The invention of the ocean liner was one of the 19th century’s most remarkable feats of engineering. Steam power technology, already essential to the Industrial Revolution, gradually superseded sail power over many decades. The first ship fitted with steam engines, the Clermont, was built in 1807 and although it would be many years before steam replaced sails entirely.
During the 1830s, SS Sirius was the first fully steam-powered liner to cross the Atlantic from Liverpool to New York and a year later, Isambard Kingdom Brunel’s SS Great Western beat its journey and speed time, ushering in an age of confident, competitive ship design.
By the early years of the 20th century steam-powered passenger and freight ships had become big business, in which the rivals Cunard and the White Star Line fought for dominance. The White Star Line commissioned a new type of liner, described as Olympic-class, and it was as part of this program that RMS Titanic was built in 1912. Cunard’s ships, the Lusitania and the Mauritania, featured turbine-only propulsion systems, which were at the cutting edge of technology at the time. The Titanic was planned to be the largest moving built object in the world but needed a propulsion system to match.
To deliver their Olympic-class vessels, White Star commissioned the Belfast-based company, which had been their ship-building partners since 1870. However, Harland and Wolff did not have the knowledge or resources to replicate Cunard’s quadruple-screw turbines. Instead, they opted for the standard system of port and starboard wing propellers powered by two triple-expansion steam engines. A third, central propeller was driven by a smaller turbine. Since the Titanic measured 883 feet from bow to stern and weighed 52,310 tons, its engines had to be bigger than anything yet built, and even though it wasn’t going to set any speed records, White Star prioritized the power and reliability of conventional technology.
The triple-expansion steam engine was invented in the 1860s. It was designed for maximum efficiency, by recycling steam instead of simply expelling it as exhaust. Any steam that could not be immediately reused was returned to the condenser, where it was converted back into water for later use. Although the technology was old by the time the Titanic was built, it enabled the ship to get the maximum possible energy in the most economical way, with fewer firemen and boilers as well as less coal.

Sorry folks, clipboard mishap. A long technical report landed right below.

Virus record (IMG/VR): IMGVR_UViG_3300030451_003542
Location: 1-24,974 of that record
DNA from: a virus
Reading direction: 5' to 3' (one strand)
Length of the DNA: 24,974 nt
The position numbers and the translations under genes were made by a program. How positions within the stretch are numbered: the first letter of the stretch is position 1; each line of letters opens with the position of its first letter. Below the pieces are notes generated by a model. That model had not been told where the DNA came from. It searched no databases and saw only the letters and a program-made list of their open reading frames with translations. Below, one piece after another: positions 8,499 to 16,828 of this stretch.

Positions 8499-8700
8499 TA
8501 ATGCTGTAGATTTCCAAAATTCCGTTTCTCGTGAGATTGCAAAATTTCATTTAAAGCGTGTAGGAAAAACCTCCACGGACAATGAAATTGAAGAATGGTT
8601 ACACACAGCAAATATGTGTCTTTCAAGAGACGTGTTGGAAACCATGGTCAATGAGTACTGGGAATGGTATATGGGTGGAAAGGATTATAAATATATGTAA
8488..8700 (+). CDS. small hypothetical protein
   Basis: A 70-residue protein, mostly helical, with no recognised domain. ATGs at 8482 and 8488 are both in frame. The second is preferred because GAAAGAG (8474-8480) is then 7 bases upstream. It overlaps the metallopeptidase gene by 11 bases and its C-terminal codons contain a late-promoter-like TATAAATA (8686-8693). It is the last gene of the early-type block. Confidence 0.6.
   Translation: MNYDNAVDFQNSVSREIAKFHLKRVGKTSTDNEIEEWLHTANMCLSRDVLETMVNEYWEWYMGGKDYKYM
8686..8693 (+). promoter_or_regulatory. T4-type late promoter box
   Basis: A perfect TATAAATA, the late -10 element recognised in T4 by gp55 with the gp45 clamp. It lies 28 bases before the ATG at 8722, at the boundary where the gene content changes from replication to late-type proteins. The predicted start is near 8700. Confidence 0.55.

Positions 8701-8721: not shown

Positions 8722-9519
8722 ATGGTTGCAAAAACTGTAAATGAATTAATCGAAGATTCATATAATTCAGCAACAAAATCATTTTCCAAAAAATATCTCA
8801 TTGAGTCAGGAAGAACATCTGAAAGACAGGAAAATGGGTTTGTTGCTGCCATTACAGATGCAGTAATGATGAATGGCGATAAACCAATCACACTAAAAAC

The ship had six boiler rooms with 24 double-ended boilers and five single-ended boilers, with 159 furnaces fed by coal from a bunker holding 6,611 tons. Each boiler room was manned by 10 firemen and four trimmers, known as the Black Gang, who had to shovel a ton of coal into the furnaces every two minutes. When all the boilers were operating at full capacity, they would burn 35 tons of coal every hour.
The steam passed from the boilers through two series of four cylinders, located in the reciprocating engine room behind the boiler rooms. The cylinder sequence was low-pressure, high-pressure, intermediate pressure and low-pressure again. As it left the boilers, the steam constantly expanded, which meant each cylinder had to be larger than the one before, thereby offsetting any reduction in pressure. At the end of the sequence, the steam, having reached 9 psi, was passed on to the turbines which powered the propellers. The passage of the steam through this complex configuration took only seconds.
The ambition of The White Star Line was to create the largest ocean liner ever built, even if that meant sacrificing speed. Their success in realising that ambition is often overshadowed by the company’s claim that the ship was unsinkable. The failure to live up to this claim was the result of an entirely different aspect of the Titanic’s design and engineering. In the horrific story of the ship’s sinking, we shouldn’t forget Harland and Wolff’s impressive achievement. Each of the engines measured 30 feet in height, 63 feet in length and weighed 720 tons, producing 16,000 horsepower. That’s equivalent to 60 of today’s average family cars. One of its engines now sits virtually complete in the Harland and Wolff Machine Shop.
Although the Titanic’s engines did not represent the cutting-edge technology of early 20th-century steamships, their sheer scale and power made them ground-breaking. As is very well documented, the ship struck an iceberg just four days into its maiden voyage so the potential longevity of its propulsion system was never put to the test. All we can say for certain is that it thoroughly fulfilled its function for the short time it was in use. This fact should be as well-known as the circumstances of the ship’s demise and celebrated as a truly unique example of early 20th-century maritime design and engineering.